Some five months after the Iraqi invasion of Mosul began, the first aid convoys are starting to trickle in, carrying badly needed food and water from cities in southern Iraq. Locals are welcoming these deliveries, to a point.
The problem is, the aid trucks are coming under the auspices of the state-run Popular Mobilization Forces, an umbrella group of Shi’ite militias which have been criticized for violent purges against Sunni populations in other cities liberated from ISIS.
While the aid itself is clearly welcome, the trucks are bringing their own armed security along with them, heavily armed Shi’ite militia fighters of the sort the government had previously assured would be kept strictly outside of the Sunni city, the second largest city in Iraq.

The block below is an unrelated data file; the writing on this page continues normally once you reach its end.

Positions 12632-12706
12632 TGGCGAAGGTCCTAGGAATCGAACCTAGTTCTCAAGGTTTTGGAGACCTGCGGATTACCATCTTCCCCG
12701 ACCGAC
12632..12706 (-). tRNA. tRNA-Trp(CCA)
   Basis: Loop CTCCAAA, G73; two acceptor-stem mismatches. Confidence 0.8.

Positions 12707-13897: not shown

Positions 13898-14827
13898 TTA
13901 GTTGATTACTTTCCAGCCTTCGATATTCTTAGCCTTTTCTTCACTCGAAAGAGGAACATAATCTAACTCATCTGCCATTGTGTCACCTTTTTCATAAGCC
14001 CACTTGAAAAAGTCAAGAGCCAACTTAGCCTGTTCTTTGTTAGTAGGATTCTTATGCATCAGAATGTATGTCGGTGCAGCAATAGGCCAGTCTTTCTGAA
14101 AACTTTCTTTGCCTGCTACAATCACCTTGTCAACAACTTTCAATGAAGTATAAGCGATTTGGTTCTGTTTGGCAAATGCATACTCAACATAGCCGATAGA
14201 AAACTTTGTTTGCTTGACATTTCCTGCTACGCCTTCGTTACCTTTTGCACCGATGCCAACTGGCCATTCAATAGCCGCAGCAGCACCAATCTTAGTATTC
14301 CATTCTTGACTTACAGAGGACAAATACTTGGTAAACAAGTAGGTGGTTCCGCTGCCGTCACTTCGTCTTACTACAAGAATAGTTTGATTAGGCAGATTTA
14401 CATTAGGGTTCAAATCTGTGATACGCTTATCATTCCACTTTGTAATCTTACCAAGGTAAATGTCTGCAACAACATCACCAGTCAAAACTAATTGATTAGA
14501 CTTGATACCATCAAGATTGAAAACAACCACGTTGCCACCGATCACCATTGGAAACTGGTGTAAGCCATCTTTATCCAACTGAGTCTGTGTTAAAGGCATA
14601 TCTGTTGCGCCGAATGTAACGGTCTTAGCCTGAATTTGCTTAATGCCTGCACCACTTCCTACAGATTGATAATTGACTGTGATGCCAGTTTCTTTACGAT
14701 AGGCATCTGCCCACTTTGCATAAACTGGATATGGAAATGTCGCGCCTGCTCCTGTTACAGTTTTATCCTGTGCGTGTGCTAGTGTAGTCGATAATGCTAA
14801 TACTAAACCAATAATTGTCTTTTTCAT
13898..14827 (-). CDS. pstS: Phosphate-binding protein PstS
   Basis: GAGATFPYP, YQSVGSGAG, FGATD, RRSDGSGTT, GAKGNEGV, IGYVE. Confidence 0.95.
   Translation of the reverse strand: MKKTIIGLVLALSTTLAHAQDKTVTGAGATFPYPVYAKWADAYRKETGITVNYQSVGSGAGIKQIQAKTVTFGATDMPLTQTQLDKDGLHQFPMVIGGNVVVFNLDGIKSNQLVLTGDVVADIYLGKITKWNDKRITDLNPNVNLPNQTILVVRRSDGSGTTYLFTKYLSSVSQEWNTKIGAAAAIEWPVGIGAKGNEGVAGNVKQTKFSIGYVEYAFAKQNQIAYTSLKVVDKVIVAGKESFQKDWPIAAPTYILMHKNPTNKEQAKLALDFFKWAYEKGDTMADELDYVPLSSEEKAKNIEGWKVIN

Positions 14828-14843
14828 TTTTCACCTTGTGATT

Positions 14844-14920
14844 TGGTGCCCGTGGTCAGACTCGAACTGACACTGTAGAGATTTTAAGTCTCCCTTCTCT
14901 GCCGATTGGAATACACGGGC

There have already been reports in the areas outside the city of armed standoffs between the militia fighters and local police forces, and many local tribal leaders say they believe the aid deliveries are simply a pretext to get the militias into the city in force, and that once there they will repeat the violence seen elsewhere.
In the meantime, Iraqi troops are trying to get more civilians out of West Mosul, as their efforts to advance against ISIS forces on that side of the city have been stalled by fighting in densely populated neighborhoods.
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